Read More in The Diff
The Diff has alluded to pension problems in a few different places.
This brief piece looks at the contrast between public and private pensions ($); the public ones adjust their hurdle rates more slowly than private ones, so when rates go up, the private pension funds look a lot better since the present value of their liabilities goes down.
This one looks at how PE firms are buying assets from pension funds directly ($), funded in part by—other pensions!
Another side effect of underfunded pensions is that they create slow death spirals for states ($): the state can't provide as many services because it's spending money to top up the pension, so people move out—and that means the same fixed pension liabilities are spread out over fewer earners. For states that are dependent on highly mobile people who can work from anywhere (or, realistically, highly mobile people who can also work from Miami or Austin), the problem gets more acute.
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1. As an individual investor, you should demand a higher expected return for the illiquid version of something for which a liquid market exists: a loan is worth less money than a bond to an equivalently creditworthy borrower; a single property needs a higher return than a publicly traded REIT; if you're buying shares of a unicorn on the private market, you expect better returns than investing in a similar company that's already public. In practice, these return gaps are often low, in part because the entities whose equity is publicly traded are the competing bidders. If every office building traded at, say, a 10% discount (to where it would be valued if it were owned by a REIT), any REIT that levered up to buy additional properties would automatically create value by making them liquid. So the real takeaway for individual investors is usually "Don't buy the illiquid version unless you're highly confident that this specific asset is materially undervalued. And if you're good at spotting such opportunities, maybe you ought to be doing it as a full-time job.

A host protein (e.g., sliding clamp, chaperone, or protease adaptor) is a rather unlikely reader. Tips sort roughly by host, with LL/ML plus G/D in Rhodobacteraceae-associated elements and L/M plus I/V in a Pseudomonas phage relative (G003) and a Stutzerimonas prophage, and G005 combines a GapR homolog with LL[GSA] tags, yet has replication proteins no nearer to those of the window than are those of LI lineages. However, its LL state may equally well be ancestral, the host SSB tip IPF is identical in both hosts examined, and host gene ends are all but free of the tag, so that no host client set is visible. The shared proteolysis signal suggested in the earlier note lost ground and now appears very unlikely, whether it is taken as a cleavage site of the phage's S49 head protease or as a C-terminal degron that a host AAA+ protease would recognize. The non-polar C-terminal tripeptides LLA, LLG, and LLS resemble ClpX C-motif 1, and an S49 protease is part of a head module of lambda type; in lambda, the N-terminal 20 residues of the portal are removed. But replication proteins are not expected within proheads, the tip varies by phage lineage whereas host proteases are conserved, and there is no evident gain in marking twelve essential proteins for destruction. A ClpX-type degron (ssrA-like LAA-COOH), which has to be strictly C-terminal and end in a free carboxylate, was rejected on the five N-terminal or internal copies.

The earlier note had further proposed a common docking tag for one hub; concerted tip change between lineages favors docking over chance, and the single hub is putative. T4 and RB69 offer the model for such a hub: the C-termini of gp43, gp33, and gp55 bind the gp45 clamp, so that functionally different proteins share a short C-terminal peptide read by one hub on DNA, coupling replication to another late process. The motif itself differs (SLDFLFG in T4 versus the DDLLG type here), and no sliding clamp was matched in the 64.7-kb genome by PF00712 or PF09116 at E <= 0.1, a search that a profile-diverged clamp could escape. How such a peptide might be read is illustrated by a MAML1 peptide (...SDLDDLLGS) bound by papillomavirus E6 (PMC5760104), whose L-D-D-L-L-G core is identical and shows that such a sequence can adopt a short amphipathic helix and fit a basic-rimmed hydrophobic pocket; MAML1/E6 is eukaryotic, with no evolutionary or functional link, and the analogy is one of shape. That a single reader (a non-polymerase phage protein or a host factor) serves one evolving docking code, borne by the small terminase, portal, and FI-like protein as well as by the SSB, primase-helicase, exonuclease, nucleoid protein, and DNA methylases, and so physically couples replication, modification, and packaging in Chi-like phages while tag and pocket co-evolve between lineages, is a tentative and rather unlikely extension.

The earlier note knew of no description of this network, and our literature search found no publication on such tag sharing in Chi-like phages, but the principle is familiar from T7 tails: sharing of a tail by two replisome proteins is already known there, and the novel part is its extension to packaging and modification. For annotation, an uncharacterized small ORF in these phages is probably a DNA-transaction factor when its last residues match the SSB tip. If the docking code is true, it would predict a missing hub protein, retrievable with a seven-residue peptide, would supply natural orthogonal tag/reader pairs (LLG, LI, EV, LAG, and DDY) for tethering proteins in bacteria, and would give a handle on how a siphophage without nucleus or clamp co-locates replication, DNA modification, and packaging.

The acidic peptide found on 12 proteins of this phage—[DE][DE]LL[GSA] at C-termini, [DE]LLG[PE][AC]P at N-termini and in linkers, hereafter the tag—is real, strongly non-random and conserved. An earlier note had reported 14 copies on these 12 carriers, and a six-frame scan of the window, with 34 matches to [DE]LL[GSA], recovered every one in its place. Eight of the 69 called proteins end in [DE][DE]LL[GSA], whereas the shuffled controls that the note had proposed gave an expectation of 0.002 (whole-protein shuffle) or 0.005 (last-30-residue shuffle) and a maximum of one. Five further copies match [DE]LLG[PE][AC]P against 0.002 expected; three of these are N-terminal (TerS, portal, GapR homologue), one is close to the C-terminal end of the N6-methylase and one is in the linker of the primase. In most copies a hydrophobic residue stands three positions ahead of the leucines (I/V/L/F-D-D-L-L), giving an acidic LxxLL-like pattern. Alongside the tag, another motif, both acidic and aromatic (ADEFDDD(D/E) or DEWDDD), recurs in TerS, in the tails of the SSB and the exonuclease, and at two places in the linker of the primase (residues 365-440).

2. One way to understand the rise of pod shops, and the fact that their absolute returns have come down over time, is to think of them as an asset class that outperforms pension funds' hurdle rates and doesn't correlate that well with anything else the pension invests in. That's what they're selling—and, critically, if they target a 10% return instead of a 20% return, pensions have to allocate twice as much to them in order to get the same contribution to overall returns, and that allocation leads to higher fees.